And while this year’s roster is different from those in years past, that does not mean it is less capable of playing quality basketball. It features a number of returners, promising transfers and freshman who can ball.
Leading the group of experienced returning players are the team’s three seniors: forwards Nina Bessolo and Sophia Song and guard Katie Toole. Bessolo was one of six players selected to the preseason All-Big West Team coaches’ poll after earning an all Big-West honorable mention award last season. Last year, Bessolo shot over 40% from the floor and 35% from three, finishing with a career high nine points per game average, along with 3.9 rebounds per game.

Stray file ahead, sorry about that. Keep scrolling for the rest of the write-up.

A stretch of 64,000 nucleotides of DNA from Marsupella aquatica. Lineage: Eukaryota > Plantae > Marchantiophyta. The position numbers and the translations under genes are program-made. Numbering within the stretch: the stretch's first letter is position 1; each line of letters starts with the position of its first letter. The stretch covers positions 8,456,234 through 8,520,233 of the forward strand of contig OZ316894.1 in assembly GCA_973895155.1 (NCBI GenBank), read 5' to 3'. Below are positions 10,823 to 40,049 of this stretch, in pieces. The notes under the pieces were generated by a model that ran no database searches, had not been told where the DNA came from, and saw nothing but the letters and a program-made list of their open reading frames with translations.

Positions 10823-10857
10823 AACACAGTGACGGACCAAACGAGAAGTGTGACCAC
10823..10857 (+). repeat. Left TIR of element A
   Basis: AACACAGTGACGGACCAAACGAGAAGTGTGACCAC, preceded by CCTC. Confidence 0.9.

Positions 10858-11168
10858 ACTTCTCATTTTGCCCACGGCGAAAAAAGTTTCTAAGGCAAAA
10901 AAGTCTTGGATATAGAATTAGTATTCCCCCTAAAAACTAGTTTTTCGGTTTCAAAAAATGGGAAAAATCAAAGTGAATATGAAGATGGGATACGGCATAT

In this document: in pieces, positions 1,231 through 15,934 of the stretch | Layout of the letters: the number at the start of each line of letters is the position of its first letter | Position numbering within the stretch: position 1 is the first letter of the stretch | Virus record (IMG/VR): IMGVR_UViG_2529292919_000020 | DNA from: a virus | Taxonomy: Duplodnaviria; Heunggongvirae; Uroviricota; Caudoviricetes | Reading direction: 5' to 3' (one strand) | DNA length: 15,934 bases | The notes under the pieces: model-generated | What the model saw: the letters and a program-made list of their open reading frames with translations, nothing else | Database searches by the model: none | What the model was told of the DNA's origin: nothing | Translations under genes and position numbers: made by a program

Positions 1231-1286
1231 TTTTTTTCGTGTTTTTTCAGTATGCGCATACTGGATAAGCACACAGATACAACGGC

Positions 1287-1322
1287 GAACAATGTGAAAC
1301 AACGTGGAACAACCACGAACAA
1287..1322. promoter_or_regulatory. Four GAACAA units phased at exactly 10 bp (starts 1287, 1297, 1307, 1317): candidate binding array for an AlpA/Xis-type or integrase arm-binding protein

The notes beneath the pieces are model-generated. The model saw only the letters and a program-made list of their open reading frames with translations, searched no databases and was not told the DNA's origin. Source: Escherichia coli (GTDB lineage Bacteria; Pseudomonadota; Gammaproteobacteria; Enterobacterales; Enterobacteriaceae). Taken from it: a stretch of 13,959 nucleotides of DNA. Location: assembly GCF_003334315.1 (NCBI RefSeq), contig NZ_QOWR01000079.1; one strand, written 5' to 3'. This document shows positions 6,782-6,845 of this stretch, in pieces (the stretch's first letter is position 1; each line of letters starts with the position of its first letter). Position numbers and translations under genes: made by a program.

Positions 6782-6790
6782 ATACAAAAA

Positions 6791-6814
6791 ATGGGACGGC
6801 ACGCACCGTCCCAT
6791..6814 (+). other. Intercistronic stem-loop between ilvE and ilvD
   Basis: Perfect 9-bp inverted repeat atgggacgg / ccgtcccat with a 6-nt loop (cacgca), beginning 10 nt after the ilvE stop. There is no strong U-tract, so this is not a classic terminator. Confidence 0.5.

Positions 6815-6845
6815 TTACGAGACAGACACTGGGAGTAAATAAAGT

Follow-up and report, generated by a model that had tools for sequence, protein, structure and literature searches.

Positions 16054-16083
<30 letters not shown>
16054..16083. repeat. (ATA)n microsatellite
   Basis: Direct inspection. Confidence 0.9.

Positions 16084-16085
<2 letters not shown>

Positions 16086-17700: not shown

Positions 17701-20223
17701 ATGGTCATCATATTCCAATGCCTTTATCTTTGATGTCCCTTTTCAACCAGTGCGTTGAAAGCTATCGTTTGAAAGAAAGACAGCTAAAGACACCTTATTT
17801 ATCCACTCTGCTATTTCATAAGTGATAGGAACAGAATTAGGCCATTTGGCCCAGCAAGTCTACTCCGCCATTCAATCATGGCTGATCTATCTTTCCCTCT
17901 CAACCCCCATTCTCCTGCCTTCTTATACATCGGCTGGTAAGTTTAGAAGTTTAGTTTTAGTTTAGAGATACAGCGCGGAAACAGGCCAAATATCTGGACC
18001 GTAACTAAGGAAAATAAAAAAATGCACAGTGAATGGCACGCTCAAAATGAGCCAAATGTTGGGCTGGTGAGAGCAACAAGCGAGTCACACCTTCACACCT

Song was another pivotal piece in the Aggies’ championship run. She started 17 games and racked up over 650 minutes of playing time last season in a do-it-all role. Song averaged 5.7 points and shot 37% from beyond the arc.
Song and Bessolo together have collectively won 78 games in their last three years, while also garnishing a Big West Tournament crown, two trips to the WNIT and an NCAA Tournament appearance in 2019. But if her performance so far in this young season is any indicator of what is to come, Toole is undeniably poised for a breakout year. The redshirt-senior has scored in double figures in each of the team’s first three games, including a career-high 21-point effort against Santa Clara on Nov. 16. The transfer from Utah State only played about eight minutes a game last year, but her height and athleticism make her a versatile scoring threat that Gross and the new-look Aggies will lean on going forward.